Sportsmen: Protect Wildlife From Global Warming

More than 300 hunting and fishing groups call on Congress to act now

03-13-2006 // Christine Dorsey

More than 300 hunting and fishing organizations, bait and tackle shops and outfitters from across the nation are calling on Sen. Jeff Bingaman, D-NM, and Sen. Pete Domenici, R-NM, to think about wildlife when crafting a bill to combat global warming pollution.

The two Senate lawmakers from New Mexico are contemplating new legislation to cut carbon pollution and address global warming. They recently circulated a white paper and solicited comments about a bill they are considering introducing this year. The National Wildlife Federation, its affiliates and hundreds of partner organizations are urging the lawmakers to include provisions to protect wildlife from the effects of changing climate and habitats.

A letter signed by 332 sportsmen groups was hand-delivered to Bingaman and Domenici by leaders from the New Mexico Wildlife Federation and Larry Schweiger, President and CEO of the National Wildlife Federation. NWF also submitted formal comments on the white paper.

"Changing climate conditions will place enormous strain on the nation's fish and wildlife and other natural resources," the letter states. "At the same time, our response to this challenge offers us an opportunity to make a long-overdue investment in fish and wildlife conservation."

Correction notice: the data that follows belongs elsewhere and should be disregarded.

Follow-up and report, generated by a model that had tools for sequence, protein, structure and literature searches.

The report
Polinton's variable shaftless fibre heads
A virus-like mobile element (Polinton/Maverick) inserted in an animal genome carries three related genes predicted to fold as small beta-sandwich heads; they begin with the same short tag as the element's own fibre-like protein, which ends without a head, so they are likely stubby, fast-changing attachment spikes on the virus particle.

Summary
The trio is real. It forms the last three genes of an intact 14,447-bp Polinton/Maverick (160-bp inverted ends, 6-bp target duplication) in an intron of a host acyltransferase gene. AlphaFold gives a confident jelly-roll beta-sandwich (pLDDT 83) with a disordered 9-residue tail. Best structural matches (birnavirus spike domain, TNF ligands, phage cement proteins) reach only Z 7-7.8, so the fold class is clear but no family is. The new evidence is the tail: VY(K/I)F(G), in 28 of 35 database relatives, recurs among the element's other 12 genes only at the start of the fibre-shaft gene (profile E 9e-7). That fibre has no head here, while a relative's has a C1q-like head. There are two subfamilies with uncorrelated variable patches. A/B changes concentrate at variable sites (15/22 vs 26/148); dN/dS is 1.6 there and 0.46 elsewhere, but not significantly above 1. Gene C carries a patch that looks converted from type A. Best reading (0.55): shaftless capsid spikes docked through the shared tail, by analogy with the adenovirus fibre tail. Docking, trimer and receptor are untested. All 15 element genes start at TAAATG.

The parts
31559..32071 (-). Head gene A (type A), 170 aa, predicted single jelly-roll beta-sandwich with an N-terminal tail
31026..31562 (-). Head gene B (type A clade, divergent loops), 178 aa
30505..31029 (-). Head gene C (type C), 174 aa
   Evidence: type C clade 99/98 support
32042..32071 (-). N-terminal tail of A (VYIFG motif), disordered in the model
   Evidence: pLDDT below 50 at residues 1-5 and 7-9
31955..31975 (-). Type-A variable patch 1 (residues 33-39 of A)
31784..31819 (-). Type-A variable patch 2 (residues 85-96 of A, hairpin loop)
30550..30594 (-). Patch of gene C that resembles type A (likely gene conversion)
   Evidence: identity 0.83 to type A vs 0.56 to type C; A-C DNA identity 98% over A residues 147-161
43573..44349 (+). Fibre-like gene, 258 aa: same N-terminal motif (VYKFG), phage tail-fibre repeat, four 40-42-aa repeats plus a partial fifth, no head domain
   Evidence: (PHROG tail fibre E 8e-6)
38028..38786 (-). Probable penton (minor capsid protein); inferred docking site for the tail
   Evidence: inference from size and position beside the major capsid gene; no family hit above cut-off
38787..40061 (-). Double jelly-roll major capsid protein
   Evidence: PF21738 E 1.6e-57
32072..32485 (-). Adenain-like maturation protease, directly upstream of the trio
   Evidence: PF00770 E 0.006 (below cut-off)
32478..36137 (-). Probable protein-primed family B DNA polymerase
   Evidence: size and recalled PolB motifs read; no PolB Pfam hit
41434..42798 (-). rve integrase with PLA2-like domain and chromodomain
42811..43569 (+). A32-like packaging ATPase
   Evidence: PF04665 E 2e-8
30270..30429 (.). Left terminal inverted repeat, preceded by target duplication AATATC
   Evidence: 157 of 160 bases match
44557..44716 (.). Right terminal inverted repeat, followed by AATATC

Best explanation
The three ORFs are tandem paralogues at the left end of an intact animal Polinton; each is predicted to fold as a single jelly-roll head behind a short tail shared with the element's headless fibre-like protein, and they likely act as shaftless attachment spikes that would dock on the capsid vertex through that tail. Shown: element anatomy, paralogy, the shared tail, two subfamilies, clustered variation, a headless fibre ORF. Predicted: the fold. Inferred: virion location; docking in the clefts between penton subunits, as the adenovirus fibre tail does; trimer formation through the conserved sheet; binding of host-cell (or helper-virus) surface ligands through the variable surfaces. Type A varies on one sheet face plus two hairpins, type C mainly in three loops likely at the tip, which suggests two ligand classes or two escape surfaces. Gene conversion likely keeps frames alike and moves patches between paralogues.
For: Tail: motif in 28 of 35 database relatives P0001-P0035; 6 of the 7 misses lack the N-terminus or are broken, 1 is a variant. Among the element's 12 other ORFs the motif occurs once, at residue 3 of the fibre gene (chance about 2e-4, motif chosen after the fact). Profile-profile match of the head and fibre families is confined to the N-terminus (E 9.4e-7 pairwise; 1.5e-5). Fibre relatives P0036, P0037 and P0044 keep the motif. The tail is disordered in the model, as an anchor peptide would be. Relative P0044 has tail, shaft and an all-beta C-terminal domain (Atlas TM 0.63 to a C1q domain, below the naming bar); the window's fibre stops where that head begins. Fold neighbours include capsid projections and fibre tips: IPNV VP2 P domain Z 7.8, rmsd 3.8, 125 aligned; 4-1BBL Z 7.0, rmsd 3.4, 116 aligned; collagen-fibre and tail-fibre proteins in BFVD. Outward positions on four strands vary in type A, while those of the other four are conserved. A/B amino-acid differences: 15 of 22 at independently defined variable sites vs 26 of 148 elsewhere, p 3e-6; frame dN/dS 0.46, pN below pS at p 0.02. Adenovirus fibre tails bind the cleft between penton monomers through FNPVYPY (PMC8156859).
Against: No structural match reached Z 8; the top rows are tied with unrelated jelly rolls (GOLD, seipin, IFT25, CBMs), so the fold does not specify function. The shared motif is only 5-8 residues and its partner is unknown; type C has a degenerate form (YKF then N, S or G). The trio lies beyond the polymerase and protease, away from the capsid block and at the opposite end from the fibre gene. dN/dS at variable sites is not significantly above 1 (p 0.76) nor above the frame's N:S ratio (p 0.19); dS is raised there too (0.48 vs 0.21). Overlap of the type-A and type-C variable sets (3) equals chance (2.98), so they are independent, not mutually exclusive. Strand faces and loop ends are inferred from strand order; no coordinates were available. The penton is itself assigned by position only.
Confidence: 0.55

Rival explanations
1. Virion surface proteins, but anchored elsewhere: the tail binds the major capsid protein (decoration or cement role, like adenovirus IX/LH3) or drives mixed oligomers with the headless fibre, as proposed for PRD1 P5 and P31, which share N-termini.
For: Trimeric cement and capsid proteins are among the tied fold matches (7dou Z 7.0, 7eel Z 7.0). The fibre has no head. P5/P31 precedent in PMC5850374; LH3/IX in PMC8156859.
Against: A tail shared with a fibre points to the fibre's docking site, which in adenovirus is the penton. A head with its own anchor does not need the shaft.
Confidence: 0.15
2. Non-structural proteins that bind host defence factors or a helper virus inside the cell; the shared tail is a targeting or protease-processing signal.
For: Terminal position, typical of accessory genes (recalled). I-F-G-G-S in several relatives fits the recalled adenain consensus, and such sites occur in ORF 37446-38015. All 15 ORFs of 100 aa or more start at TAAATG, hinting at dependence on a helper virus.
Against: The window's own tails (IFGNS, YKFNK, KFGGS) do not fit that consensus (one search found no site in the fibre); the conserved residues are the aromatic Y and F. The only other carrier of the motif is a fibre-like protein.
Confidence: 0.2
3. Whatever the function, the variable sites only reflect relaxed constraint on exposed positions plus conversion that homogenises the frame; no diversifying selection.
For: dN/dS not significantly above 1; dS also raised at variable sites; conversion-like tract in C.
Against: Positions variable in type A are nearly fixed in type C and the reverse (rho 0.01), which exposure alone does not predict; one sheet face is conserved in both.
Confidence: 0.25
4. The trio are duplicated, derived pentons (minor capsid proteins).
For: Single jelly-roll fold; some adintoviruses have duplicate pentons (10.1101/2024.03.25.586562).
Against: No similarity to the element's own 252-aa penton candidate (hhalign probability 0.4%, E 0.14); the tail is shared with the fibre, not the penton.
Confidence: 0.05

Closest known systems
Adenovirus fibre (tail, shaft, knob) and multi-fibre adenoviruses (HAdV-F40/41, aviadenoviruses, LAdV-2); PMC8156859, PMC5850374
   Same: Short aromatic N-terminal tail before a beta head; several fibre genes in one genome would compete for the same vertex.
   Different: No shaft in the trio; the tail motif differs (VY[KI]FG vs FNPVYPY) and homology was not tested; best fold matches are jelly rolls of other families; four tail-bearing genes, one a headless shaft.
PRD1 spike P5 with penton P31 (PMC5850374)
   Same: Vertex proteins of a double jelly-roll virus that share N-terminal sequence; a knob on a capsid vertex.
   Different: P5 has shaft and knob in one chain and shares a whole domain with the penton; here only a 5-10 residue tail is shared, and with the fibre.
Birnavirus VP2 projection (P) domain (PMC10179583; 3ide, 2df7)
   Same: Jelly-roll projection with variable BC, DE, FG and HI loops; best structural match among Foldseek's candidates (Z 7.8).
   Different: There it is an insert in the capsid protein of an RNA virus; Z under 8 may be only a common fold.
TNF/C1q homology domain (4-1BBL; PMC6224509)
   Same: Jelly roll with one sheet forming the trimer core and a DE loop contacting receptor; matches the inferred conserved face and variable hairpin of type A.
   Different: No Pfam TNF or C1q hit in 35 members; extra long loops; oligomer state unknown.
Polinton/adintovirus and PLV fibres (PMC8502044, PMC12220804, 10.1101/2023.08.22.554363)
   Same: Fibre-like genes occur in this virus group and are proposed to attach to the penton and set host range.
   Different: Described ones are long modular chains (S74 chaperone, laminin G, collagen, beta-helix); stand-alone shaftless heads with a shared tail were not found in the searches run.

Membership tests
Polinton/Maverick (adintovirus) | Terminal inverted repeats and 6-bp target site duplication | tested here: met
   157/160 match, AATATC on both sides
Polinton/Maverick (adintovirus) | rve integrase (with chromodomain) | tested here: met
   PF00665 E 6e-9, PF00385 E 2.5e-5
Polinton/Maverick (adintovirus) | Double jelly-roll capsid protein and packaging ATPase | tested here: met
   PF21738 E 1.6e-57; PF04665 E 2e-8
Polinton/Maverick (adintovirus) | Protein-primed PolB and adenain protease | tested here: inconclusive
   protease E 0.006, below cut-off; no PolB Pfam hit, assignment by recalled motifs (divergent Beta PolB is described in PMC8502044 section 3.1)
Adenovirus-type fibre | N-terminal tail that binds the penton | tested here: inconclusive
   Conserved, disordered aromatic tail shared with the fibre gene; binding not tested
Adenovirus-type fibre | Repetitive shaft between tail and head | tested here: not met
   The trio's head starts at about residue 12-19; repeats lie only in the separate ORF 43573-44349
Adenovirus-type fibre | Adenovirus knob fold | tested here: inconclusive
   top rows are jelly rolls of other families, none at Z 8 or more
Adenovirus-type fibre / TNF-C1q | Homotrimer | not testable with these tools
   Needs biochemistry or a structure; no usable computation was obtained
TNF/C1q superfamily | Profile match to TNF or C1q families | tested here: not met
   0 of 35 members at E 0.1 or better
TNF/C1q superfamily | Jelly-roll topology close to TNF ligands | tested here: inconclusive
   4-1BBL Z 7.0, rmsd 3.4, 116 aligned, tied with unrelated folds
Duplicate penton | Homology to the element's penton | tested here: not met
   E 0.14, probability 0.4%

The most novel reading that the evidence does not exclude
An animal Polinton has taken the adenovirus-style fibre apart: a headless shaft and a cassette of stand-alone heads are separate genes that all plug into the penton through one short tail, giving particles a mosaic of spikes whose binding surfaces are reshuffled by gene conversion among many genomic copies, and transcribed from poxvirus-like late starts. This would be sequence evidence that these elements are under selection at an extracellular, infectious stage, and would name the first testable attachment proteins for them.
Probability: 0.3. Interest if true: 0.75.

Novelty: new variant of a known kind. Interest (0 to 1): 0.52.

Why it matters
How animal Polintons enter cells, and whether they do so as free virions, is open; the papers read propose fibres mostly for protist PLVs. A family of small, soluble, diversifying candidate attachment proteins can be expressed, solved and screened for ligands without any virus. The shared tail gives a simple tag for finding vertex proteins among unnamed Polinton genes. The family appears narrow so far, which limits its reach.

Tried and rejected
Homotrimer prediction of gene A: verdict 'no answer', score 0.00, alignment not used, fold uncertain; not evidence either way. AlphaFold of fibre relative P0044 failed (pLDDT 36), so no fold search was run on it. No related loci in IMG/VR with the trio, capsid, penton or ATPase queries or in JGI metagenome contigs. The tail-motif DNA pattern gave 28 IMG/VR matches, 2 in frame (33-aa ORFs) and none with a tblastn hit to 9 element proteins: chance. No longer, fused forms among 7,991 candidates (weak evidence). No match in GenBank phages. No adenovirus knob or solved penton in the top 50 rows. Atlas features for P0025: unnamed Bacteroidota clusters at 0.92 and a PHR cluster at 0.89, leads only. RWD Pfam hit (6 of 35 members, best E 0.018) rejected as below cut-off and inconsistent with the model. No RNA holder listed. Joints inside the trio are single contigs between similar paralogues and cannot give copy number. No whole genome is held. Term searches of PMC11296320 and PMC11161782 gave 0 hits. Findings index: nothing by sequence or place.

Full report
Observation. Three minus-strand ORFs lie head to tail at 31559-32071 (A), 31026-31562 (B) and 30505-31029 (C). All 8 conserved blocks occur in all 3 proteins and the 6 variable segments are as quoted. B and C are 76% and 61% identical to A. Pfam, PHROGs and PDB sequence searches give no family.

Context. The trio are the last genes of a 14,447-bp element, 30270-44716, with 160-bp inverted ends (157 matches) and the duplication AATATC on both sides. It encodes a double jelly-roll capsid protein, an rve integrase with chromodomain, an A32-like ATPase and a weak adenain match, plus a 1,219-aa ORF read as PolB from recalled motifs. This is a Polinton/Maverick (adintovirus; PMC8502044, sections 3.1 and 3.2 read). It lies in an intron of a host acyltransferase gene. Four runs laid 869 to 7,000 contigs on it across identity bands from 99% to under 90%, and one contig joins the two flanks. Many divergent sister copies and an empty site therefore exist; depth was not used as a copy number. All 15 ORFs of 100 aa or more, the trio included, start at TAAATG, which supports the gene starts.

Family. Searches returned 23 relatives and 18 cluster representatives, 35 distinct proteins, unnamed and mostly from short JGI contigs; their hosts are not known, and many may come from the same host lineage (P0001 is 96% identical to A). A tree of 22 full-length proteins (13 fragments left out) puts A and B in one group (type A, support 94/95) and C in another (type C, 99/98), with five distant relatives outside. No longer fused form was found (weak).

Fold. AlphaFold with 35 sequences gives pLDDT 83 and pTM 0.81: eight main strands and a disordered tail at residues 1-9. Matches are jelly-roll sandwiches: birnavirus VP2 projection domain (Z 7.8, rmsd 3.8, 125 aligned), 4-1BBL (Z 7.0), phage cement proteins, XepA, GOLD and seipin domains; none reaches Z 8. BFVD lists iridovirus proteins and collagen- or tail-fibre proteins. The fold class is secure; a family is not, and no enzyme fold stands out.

What's in it for sportsmen?

This and other legislation being considered on Capitol Hill could mean a major source of new funding for state wildlife conservation efforts. NWF and its partners are encouraging Congress to provide wildlife conservation and restoration funding through the Wildlife Conservation and Restoration Account of the Pittman-Robertson Act, one of America's landmark conservation laws. By using this funding mechanism, new revenue from a carbon pollution reduction plan would meet the needs of people, fish and wildlife without raising the federal deficit.

Thanks to efforts by NWF and its affiliates and partners, Sen. John McCain, R-Ariz., and Sen. Joe Lieberman, D-Conn., added the same provision to similar global warming legislation that would allow some proceeds from a cap and trade emissions strategy to be used by states to make wildlife more resilient in the face of global warming.

NWF and other conservation groups are calling on the Senate to vote on climate legislation this year.

Contact: Christine Dorsey, 802-229-0650, ext. 334, dorsey@nwf.org

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